In a new weekly feature, My Business brings you interesting links from around the world. Today, we have a look at Warren Buffet's calls for more tax on the rich, changes at Qantas and the hip clothing brand that wants a celebrity to STOP wearing its products.
When the USA found a way to avoid defaulting on its loans, the world breathed a sigh of relief – then panicked because the solution was clearly a band-aid.
Enter über-investor Warren Buffet, the ‘Sage of Omaha’ with a piece in the New York Times titled ‘Stop Coddling the Super-Rich’. His column appealed to lawmakers to make him pay more tax, because the way the US system is currently structured he – a billionaire – pays a lower proportion of his income in tax than his lower-paid employees.
This story from South Korea surprised us: the nation has only just adopted street names and numbers! A far more complicated system was in place before now and when you invited someone to a meeting, you sent a map too! Imagine how hard it must be to send direct mail! Marketers must be very happy with the new system.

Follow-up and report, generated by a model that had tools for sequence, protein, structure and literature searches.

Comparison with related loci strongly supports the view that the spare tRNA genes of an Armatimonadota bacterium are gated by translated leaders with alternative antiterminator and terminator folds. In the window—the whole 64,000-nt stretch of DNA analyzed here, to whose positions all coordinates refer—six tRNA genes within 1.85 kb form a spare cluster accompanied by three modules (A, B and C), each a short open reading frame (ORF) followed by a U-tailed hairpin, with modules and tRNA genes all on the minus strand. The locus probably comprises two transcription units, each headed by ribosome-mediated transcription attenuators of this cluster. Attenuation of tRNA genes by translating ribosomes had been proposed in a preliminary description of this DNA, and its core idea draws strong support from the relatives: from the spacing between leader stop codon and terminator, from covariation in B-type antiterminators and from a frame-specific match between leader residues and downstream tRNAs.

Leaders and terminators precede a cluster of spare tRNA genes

The guys at Australian Business Traveller do a fine job covering the air transport industry, and we like this piece on the top five things you need to know about the changes at Qantas. We’ll leave the analysis of the changes to others.
This one is a scream. US clothing company Abercrombie and Fitch wants a celebrity to STOP wearing its clothes. We’re not sure if this is clever marketing or a sincere desire to distance itself from a controversial reality TV show.
How can anyone resist a story about disco classic Funkytown? This one reports that the author of the song has used a little-known copyright loophole to reclaim his ownership of the tune, and that other artists are lawyering up to do the same.
Let’s leave you with the classic, as tragically interpreted by Australia’s Pseudo Echo.
- ‘Don’t assume how employees will react to redundancy’
By Simon Rountree
- Customers behaving badly: ‘My time is worth more than yours’
By Adam Zuchetti
- What businesses can learn from Sir Roger Bannister
By Adam Zuchetti